There was a popular Tweet flying around the internet last summer that summed up the past year perfectly. It said, “Don't know about y’all but I could really go for some precedented times.”
We saw huge shifts in the past year when it came to how we worked and how we lived, and all this change is generating some fascinating new trends around how we’ll approach the people side of work in the future.
Looking ahead, here are 3 big ideas that will shape talent management in 2021:
1. What makes us human matters most
According to the World Economic Forum, 44% of the skills employees will need to perform their roles effectively will change by 2025. Surprising? Not really. We live in a rapidly changing world, and as circumstances change and new technologies emerge, the skills we require change too. Just think about how rapidly most of us unexpectedly became video conferencing experts in the last year. Even your Grandma learned to use Zoom.
But amidst all this AI, automation, and digitization, it’s actually our humanity that has become more prominent and powerful in our day-to-day work. Soft skills like communication, collaboration, decision-making and problem-solving are critical to succeeding in our new work reality. As Josh Bersin writes in his 2021 HR Predictions Report, most of the jobs of the future will emphasize communicating, and helping and caring for others, while also drawing heavily on the ability to listen, collaborate, innovate, and manage through change.
To truly thrive, organizations need to tap into these uniquely human capabilities deep within their talent pools. In its 2021 Global Human Capital Trends report, Deloitte talks about “the importance of organizations collecting and acting on workforce data that provides a real-time view of employees’ skills across the entire talent ecosystem.”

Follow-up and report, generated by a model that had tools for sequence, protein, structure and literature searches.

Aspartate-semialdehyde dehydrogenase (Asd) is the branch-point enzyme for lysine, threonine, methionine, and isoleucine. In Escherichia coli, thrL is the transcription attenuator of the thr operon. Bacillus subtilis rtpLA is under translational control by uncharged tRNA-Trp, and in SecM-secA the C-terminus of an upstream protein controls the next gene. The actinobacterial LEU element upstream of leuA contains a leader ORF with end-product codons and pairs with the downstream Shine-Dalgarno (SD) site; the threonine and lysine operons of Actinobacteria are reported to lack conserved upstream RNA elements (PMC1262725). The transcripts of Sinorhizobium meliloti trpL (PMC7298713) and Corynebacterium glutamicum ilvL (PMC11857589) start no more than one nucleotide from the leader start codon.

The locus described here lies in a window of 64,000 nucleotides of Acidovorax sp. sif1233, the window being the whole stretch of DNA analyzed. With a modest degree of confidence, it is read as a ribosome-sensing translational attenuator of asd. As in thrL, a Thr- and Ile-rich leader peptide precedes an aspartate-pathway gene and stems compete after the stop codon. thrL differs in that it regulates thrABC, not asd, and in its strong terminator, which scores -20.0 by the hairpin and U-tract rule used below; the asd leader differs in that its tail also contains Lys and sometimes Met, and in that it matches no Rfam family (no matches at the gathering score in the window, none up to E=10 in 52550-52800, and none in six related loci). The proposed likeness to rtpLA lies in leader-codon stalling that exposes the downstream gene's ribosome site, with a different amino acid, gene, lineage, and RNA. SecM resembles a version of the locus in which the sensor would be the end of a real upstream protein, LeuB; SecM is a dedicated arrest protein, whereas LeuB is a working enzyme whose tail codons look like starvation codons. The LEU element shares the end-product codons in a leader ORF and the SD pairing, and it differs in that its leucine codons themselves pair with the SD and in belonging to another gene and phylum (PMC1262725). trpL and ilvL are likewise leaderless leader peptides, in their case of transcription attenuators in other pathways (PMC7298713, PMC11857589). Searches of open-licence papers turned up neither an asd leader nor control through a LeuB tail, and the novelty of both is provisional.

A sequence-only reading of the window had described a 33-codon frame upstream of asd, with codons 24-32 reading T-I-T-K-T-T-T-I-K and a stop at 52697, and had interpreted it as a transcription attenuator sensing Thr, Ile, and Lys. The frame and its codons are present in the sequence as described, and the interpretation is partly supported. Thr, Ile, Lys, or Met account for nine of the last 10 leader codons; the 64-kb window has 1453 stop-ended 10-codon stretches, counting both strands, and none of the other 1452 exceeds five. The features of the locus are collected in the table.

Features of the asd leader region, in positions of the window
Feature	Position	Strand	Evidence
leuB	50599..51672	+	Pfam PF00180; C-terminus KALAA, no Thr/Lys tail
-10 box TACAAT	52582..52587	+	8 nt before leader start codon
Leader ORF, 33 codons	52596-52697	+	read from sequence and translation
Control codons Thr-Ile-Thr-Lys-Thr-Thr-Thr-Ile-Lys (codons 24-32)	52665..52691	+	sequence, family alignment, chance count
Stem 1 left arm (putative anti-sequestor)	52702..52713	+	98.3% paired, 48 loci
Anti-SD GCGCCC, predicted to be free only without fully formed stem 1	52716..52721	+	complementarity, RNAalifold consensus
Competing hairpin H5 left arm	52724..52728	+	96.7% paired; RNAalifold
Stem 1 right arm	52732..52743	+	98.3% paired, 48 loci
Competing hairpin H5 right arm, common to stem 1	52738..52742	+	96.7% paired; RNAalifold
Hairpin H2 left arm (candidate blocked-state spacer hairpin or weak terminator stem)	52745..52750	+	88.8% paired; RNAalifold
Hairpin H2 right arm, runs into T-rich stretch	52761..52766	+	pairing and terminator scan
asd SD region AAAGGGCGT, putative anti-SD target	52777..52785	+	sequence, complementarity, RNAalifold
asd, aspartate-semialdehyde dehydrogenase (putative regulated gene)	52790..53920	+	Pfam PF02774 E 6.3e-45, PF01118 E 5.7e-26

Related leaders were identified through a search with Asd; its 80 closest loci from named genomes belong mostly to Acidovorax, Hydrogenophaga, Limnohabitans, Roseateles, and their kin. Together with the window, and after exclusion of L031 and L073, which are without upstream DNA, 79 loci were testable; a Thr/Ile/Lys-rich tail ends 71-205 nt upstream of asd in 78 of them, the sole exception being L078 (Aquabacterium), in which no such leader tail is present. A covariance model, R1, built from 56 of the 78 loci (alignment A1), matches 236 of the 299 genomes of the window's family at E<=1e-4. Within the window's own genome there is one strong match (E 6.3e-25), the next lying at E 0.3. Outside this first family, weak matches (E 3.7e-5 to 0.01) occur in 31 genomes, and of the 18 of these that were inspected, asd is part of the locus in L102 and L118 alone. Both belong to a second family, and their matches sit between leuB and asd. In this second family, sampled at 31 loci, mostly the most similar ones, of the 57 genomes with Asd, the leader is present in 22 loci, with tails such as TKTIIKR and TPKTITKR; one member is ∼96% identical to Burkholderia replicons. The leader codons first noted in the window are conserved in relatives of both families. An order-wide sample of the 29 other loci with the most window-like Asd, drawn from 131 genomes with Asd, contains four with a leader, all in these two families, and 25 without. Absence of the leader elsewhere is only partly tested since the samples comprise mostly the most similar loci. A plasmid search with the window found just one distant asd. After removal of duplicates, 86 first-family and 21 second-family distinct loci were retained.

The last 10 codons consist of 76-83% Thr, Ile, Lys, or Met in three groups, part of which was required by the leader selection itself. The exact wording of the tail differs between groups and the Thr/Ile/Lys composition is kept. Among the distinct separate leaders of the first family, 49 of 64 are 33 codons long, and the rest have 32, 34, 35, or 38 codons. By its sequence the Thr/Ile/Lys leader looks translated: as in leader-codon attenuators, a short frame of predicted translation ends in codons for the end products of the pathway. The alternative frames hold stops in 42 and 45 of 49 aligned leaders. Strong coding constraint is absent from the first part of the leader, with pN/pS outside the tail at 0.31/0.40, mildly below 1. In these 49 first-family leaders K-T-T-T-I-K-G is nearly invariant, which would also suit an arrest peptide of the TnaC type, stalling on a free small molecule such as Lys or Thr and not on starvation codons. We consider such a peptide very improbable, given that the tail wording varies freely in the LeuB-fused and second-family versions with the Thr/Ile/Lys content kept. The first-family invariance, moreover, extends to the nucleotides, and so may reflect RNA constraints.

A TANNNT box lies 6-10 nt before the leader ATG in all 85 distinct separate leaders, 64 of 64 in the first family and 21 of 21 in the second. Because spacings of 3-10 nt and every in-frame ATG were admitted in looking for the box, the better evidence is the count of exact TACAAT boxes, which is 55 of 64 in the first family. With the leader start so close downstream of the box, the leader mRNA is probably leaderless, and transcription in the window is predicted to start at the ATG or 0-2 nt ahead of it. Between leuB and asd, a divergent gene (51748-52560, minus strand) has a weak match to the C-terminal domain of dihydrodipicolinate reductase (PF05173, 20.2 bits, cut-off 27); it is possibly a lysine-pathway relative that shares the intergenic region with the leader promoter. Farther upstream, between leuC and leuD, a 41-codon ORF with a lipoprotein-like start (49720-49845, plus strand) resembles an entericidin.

Knowing which employees excel at things like communication and innovation will allow organizations to mobilize talent into critical roles faster, where they can fully utilize their critical behavioral skillsets. And without a doubt, organizations that develop strategies to fully measure and leverage these human capabilities in their workforces will be more resilient as the world continues to evolve.
2. Visibility and mobility are the keys to retaining employees
It’s no secret that career paths are no longer linear. We’ve known for years that instead of climbing up a vertical career ladder, employees are increasingly moving up, down and across the corporate lattice to build meaningful and stimulating careers. In a world of rapid change, it’s unrealistic to expect that employees want to sit still in the same jobs for years, and 60% of millennials say they are open to new job opportunities.
Moreover, despite widespread layoffs in 2020, LinkedIn reports that there are millions of jobs still being posted to their platform, with someone getting hired every three minutes. With critical skill shortages emerging, companies will also be looking to “buy and rent” talent to meet changing business needs. This all means that star performers have no shortage of career options, so providing them with new opportunities to grow is one of the most critical talent retention strategies organizations can implement today.
Internal mobility is all about tapping into an organization’s existing internal talent pool to fill open opportunities. It’s a win-win for both employees and employers. By moving talent into new roles that align with their career aspirations and leverage their strengths, organizations hold onto a vast amount of institutional knowledge, while employees have the opportunity to learn new things and advance their careers.